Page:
Researchers have previously found that mice whose mothers suffered from infection or inflammation during pregnancy are at a greater risk for developing behaviors similar to those seen in people with autism spectrum disorders (ASD). Now, researchers have linked those neurodevelopmental symptoms in the mice to changes in the bacteria living in the animals’ guts.
Also, when researchers treated those animals with bacteria found in the healthy gut, a number of behavioral abnormalities including anxiety-like behavior went away. The findings link at least some symptoms of ASD to the gut and suggest that probiotics might have a therapeutic role in such cases.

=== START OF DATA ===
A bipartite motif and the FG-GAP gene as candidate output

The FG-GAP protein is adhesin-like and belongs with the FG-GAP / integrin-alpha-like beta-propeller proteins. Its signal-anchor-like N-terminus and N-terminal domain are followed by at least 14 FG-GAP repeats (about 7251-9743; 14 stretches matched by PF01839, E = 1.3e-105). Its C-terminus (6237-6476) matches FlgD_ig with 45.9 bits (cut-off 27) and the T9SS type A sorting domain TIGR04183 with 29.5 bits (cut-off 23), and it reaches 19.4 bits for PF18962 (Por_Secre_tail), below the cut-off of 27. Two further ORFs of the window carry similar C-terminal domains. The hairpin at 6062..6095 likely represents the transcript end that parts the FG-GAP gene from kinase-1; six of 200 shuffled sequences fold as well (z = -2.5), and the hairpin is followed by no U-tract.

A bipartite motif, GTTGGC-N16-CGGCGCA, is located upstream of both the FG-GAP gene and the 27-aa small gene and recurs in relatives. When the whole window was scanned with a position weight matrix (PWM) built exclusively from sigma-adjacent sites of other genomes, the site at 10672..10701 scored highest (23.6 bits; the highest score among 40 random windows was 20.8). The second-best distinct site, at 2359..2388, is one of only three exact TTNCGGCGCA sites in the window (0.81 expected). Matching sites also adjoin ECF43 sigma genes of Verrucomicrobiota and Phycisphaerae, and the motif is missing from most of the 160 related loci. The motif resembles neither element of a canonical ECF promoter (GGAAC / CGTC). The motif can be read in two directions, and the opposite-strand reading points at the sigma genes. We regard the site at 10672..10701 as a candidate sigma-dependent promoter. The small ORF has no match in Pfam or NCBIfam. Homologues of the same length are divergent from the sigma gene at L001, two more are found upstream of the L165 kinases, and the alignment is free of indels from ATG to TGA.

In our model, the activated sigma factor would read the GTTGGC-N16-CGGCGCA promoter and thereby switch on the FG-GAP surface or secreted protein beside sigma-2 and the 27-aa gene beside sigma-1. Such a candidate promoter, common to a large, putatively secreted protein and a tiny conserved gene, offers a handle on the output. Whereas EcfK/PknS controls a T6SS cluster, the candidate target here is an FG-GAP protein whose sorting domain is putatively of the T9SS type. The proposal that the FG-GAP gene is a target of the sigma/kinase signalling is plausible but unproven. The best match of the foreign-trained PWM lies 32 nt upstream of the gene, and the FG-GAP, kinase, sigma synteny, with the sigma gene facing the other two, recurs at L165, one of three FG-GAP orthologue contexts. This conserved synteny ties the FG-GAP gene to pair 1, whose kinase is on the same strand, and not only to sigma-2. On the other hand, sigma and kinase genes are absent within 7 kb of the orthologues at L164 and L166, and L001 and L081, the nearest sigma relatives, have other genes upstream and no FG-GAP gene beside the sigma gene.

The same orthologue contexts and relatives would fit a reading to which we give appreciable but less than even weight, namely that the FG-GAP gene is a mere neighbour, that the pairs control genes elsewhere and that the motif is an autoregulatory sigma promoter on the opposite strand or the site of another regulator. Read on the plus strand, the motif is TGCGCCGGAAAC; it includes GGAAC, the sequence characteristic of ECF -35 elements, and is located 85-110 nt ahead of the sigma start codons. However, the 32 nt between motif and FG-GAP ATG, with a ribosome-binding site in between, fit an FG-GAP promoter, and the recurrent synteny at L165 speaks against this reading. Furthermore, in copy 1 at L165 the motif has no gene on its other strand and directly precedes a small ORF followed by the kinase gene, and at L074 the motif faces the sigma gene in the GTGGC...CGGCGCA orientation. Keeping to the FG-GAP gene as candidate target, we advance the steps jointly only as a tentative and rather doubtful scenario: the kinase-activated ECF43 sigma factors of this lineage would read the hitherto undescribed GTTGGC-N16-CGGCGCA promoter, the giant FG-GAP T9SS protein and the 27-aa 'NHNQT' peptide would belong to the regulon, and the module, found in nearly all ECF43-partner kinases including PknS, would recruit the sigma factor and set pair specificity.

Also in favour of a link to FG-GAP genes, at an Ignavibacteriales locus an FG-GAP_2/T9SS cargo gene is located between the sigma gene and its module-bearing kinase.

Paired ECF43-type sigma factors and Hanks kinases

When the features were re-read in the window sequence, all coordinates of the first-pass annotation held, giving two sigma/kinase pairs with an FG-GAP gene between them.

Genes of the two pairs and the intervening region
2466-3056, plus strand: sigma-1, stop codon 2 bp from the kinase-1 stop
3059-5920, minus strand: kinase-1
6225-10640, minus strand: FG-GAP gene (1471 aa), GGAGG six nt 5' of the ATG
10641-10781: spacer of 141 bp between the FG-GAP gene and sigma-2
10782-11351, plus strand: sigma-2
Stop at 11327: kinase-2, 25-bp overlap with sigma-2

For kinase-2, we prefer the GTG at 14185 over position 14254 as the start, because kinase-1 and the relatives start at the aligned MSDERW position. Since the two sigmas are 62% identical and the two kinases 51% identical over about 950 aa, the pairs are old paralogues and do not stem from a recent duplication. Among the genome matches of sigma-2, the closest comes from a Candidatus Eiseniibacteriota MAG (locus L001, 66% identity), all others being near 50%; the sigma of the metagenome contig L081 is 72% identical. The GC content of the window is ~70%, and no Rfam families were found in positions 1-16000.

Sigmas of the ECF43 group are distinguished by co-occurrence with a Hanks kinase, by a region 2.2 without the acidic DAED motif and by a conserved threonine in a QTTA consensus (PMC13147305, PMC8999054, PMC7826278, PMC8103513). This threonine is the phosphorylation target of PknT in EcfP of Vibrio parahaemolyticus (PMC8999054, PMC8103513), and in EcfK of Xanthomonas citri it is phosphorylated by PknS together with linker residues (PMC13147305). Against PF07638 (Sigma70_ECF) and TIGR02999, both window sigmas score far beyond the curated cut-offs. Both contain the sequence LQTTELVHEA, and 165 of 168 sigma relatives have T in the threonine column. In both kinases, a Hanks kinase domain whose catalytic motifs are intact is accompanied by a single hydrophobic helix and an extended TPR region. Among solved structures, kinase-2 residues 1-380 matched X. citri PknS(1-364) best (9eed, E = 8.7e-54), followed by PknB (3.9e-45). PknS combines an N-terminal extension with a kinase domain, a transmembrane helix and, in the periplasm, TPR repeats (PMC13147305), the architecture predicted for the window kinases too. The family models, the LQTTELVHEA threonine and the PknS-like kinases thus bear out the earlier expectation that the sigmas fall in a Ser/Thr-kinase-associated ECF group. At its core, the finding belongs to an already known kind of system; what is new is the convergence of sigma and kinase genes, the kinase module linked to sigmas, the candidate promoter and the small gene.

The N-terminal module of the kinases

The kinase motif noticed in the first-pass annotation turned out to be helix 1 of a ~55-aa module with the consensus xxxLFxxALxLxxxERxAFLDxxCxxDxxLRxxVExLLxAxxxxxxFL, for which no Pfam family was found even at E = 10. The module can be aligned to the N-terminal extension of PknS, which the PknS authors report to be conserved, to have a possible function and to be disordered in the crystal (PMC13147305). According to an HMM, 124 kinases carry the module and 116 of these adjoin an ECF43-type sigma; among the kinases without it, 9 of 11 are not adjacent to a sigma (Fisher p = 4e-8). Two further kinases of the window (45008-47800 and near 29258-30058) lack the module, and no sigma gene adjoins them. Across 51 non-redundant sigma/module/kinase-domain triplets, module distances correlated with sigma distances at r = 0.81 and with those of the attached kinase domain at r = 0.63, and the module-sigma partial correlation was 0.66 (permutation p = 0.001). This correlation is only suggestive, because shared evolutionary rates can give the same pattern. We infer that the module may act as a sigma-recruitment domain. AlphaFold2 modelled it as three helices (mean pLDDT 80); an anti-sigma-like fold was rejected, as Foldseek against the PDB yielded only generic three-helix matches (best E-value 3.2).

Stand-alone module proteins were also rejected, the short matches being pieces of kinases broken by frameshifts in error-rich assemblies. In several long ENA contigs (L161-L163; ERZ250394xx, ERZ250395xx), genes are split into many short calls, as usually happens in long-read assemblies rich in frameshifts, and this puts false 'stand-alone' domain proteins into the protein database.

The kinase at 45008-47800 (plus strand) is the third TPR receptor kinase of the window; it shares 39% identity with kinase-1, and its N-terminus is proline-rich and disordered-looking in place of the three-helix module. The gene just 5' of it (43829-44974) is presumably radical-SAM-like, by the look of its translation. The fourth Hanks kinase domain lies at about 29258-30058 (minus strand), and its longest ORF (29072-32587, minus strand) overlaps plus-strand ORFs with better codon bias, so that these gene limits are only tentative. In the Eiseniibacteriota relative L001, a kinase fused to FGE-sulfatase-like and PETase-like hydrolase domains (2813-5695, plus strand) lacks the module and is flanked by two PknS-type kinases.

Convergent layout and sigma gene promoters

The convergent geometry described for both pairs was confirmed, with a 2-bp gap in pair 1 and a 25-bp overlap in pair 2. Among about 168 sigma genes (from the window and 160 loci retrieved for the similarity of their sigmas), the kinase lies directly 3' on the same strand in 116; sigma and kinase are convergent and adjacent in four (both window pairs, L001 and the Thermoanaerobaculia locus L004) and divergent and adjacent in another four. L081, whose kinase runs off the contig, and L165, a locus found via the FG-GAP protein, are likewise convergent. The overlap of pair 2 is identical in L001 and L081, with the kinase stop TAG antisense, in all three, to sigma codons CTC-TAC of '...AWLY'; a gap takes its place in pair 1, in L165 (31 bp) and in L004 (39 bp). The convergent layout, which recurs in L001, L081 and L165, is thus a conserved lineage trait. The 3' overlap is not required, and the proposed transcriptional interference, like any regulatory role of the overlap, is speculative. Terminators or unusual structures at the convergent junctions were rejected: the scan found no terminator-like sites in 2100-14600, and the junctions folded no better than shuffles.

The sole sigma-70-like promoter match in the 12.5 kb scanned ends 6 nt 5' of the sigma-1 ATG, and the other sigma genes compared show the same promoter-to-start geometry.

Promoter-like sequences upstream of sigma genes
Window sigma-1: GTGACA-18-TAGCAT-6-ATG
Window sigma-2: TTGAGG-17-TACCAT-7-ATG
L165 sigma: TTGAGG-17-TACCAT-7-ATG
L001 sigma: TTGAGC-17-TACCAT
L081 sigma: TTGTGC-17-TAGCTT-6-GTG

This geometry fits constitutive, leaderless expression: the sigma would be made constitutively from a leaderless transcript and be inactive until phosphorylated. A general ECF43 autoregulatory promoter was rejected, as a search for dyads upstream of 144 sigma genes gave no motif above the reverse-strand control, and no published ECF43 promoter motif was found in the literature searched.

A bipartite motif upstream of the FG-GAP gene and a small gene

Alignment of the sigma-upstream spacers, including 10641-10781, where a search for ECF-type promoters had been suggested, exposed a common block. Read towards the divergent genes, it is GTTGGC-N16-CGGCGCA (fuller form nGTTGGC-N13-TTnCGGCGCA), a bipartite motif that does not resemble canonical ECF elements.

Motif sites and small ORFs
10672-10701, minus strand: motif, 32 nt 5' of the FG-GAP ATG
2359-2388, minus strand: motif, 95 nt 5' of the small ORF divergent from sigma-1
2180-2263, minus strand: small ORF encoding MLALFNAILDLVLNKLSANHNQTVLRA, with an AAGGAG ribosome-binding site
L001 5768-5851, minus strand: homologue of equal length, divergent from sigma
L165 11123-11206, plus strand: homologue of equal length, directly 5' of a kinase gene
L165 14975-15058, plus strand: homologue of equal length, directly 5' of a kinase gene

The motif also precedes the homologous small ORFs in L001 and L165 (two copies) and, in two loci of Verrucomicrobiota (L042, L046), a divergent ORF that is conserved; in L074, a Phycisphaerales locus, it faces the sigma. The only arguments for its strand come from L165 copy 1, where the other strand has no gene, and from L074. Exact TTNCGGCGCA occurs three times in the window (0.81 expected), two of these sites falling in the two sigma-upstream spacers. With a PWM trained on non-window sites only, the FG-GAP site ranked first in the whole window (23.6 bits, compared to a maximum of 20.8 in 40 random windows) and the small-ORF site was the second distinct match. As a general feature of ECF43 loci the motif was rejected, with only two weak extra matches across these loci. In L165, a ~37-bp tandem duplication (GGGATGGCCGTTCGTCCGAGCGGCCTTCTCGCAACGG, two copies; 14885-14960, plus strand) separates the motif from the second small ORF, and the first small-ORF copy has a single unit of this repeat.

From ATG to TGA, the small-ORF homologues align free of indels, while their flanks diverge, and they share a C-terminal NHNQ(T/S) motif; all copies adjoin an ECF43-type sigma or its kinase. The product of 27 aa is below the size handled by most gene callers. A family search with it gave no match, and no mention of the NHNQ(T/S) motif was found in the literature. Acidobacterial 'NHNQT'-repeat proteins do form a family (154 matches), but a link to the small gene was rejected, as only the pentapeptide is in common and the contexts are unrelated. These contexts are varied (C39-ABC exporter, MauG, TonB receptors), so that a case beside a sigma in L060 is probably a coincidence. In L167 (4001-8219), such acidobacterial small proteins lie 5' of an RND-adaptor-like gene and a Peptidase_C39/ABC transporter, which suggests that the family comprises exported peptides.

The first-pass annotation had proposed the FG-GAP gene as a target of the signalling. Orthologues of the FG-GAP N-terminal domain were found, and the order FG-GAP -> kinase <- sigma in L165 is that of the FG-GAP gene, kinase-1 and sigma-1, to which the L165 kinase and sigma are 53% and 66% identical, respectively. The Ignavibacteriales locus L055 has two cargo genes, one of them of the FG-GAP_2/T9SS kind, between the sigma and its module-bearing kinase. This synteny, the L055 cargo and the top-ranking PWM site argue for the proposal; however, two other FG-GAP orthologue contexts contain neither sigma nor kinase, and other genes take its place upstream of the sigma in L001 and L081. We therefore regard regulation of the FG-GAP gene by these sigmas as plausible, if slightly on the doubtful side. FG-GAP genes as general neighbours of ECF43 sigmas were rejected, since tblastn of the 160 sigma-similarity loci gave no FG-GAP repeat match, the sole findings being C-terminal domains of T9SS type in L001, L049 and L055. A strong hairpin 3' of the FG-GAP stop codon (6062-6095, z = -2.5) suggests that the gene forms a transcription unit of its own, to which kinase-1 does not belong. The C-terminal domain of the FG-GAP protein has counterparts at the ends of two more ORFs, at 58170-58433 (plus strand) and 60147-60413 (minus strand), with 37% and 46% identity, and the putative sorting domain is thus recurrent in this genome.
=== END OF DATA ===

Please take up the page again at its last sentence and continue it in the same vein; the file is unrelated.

"Taken together, these findings support a gut-microbiome-brain connection in a mouse model of neurodevelopmental disorders and identify a potential probiotic therapy for gastrointestinal and behavioral symptoms in human disorders, including autism,” Elaine Hsiao from the California Institute of Technology, and colleagues were quoted as saying.